Around the 1960-s and 1970-s, we gave many exhibitions around the Blacktown area, alongside the Judo club.
These exhibitions were extremely high standard and the breaks, remain pretty well unmatched, even today. Three examples have stuck in mind, amongst the many others, so once again, apologies to anyone else not directly mentioned.
The first one was, of course Wally, breaking two house bricks with Shuto, and then around 14 tiles with a fist strike. In fact, Wally did break three house bricks on a number of occasions, during the usual Saturday afternoon training session. I also witnessed Wally during a number of visits to his house, doing bench press with over 500 pounds (well over 200 kilos), and those of us who trained with weights, will appreciate that this is super strength territory.
The second one was myself, and the reason I remember, because it was one of those freak, clean and smooth brakes – it was 12 tiles with Shuto. The photo made the front page of one of the Sunday papers, but unfortunately I do not have a copy.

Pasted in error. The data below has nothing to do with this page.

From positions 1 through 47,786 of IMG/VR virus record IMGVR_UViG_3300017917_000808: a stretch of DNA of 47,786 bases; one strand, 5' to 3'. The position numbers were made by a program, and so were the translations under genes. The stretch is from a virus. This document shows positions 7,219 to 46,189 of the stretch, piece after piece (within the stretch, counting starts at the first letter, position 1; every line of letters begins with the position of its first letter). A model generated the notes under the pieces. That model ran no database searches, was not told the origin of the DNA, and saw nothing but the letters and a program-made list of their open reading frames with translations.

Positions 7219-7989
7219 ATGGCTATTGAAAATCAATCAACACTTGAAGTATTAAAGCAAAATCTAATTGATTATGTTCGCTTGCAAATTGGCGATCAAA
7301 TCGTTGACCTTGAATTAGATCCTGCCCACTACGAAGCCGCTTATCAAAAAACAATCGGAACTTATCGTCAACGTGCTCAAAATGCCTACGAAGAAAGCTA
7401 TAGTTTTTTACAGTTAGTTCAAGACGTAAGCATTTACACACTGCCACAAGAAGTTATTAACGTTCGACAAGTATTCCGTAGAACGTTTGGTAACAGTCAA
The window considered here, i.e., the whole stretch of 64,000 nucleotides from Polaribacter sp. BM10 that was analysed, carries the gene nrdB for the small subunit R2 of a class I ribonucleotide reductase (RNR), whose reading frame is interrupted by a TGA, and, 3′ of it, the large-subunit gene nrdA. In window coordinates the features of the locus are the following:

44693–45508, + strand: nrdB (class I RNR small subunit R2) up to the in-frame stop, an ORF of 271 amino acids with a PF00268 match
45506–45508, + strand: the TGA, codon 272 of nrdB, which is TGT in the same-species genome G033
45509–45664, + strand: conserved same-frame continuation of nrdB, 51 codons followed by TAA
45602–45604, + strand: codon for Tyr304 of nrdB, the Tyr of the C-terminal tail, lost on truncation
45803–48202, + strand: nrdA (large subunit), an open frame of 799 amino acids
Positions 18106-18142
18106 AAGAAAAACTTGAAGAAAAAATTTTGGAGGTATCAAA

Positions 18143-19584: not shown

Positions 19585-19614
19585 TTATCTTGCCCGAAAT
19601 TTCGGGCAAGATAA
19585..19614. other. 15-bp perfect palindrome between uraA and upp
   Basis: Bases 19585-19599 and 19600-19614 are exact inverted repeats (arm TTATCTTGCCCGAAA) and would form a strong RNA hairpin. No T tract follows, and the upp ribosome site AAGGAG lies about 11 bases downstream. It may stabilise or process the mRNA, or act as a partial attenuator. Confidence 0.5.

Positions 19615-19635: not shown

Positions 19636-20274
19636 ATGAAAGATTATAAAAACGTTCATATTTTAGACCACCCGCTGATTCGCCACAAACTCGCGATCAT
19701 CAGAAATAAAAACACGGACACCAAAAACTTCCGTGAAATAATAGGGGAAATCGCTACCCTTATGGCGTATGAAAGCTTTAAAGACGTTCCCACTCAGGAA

The third one was Rob Dobson, breaking around 12-14 tiles with a flying elbow strike, very spectacular indeed.
It should be noted that these were the locally produced house bricks and roof tiles, and not the Japanese clay variety.
Wally, George Pandu and myself trained together regularly up to the mid 90-s. These were all straight, almost two hour non stop, kumite sessions. Some were fast, some were slower, some were experimental, but the bruises and broken bones attest to the fact that time did not soften the style nor the strength of the strikes.
What else can be said about Wally ? He was respected by all of us, he never considered himself arrogantly superior to his students and to other styles, and most of all he thought all of us fighting skills and humility.
His strength was legendary, but as a person, and as a friend he projected just as much power.
I am proud and privileged to have known him and to have been trained by him.
May God bless him in the great Dojo in the sky.
From Rob Dobson (March 2009)
The early 1960s with Wally Szlagowski
I joined the Blacktown Judo & Karate Clubs in the early 1960s training in both Judo and Karate. I quickly found Karate much more to my liking and dropped the Judo.